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Diarmuid Connolly reckons goals are key to downing Dublin

Former Dublin Gaelic football star Diarmuid Connolly thinks Meath’s ability to score goals could prove to be a cause for concern for the reigning All-Ireland champions.

The Royals have impressed Connolly so far, scoring an astonishing 12 goals in just two games in the Leinster Championship against Wicklow and Kildare.

While the Dubs should prove to be a far greater challenge than Wicklow and Kildare, the St. Vincents man reckons goal-scoring ability will be needed to down Dessie Farrell’s side.

While Connolly didn’t tip Meath to end Dublin’s bid for six-in-a-row, he was full of praise for Meath when speaking to Boylesports.

“Meath were slow to start against Kildare and up to half-time they weren’t really in the game.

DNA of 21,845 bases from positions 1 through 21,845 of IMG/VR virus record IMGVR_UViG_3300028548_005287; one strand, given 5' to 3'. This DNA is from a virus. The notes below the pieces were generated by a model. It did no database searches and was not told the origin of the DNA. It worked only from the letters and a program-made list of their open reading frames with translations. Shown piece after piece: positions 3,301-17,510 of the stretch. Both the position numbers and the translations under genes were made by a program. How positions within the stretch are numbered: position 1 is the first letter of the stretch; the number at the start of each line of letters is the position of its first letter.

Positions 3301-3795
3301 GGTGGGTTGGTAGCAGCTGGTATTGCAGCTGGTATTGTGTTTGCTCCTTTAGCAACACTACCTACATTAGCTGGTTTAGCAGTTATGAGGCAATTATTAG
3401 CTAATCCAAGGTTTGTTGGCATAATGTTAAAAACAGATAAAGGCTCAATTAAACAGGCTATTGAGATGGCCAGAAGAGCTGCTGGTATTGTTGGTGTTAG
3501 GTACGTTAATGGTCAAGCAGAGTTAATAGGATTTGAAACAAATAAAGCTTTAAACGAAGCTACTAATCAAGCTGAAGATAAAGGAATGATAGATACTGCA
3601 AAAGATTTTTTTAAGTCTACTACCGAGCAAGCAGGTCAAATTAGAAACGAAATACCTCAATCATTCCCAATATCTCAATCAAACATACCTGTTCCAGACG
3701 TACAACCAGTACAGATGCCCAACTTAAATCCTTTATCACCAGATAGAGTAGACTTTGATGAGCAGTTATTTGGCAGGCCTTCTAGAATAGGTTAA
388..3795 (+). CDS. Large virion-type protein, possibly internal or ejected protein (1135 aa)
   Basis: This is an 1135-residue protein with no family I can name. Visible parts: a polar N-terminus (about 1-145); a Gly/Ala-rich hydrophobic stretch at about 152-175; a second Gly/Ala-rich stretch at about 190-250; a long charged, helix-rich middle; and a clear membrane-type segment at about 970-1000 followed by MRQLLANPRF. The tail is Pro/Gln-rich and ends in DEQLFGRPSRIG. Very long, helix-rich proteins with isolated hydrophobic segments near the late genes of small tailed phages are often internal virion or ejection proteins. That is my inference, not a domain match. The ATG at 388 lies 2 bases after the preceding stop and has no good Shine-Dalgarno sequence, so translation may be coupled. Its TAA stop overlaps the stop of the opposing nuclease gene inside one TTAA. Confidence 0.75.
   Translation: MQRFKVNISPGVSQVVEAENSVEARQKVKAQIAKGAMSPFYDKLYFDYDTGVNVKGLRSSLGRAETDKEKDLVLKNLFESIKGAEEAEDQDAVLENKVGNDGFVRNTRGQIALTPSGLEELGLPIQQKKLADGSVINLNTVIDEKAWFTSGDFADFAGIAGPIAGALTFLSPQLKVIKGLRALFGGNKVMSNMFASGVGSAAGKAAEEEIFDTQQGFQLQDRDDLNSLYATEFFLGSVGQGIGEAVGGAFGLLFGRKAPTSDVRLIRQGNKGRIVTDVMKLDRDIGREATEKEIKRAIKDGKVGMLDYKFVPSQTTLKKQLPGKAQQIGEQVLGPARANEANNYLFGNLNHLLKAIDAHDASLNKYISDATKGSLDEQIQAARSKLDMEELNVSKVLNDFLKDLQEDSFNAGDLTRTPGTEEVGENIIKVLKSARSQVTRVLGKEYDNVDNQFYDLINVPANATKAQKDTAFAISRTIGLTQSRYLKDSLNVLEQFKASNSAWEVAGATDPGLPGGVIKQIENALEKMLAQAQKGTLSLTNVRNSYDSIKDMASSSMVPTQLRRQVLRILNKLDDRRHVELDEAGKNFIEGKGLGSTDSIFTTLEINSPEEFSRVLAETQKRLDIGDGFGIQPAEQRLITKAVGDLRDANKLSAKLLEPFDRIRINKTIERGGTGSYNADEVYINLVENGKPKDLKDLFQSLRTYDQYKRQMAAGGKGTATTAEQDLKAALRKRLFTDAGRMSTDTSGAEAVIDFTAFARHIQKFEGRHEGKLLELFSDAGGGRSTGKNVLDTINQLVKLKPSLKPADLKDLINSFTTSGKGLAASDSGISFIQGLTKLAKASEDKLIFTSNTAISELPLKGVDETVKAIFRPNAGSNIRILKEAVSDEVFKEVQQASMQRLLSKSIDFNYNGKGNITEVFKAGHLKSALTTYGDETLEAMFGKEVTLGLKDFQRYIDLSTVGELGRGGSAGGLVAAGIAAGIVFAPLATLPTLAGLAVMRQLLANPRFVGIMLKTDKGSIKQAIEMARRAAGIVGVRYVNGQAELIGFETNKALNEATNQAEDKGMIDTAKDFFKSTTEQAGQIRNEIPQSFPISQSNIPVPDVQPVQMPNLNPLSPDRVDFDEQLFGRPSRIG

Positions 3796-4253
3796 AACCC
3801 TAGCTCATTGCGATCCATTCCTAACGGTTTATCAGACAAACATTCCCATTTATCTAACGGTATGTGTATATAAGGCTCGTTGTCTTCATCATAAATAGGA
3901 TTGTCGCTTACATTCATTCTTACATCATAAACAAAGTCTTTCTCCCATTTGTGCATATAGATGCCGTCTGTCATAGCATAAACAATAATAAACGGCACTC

“Now it was a game of two halves the last day, but Dublin is going to be a completely different animal for them.

“Meath have been scoring plenty of goals and if anybody is going to beat Dublin this year then I think that’s key.

“Management has to be spot on. I can’t see Meath doing what they have done against Kildare kick-outs. They have to push up and dispute Dublin kick-outs and win the ball around the middle.

“Shane McEntee gives them a real strength around the half backline. He was turning over savage balls against Kildare and they were getting out of defence.

“Jordan Morris got another goal and these guys really need to step up now,” Connolly said.

Can the Royals repeat history?

The last time Meath tasted victory over their bitter rivals in the Leinster championship was in 2010, when they scored 5-09 in a rampant 11-point victory.

They scored that exact amount in last Sunday’s win against the Lilywhites, but the six-time All-Ireland winner is expecting a more modest tally from Andy McEntee’s men against the Dubs.

“Dublin is a bigger test to what Kildare would have been. Five goals and nine points against Kildare, I don’t see Dublin letting Meath score five goals, and if they can only manage nine points then there is not much chance of them beating this Dublin machine,” Connolly commented.

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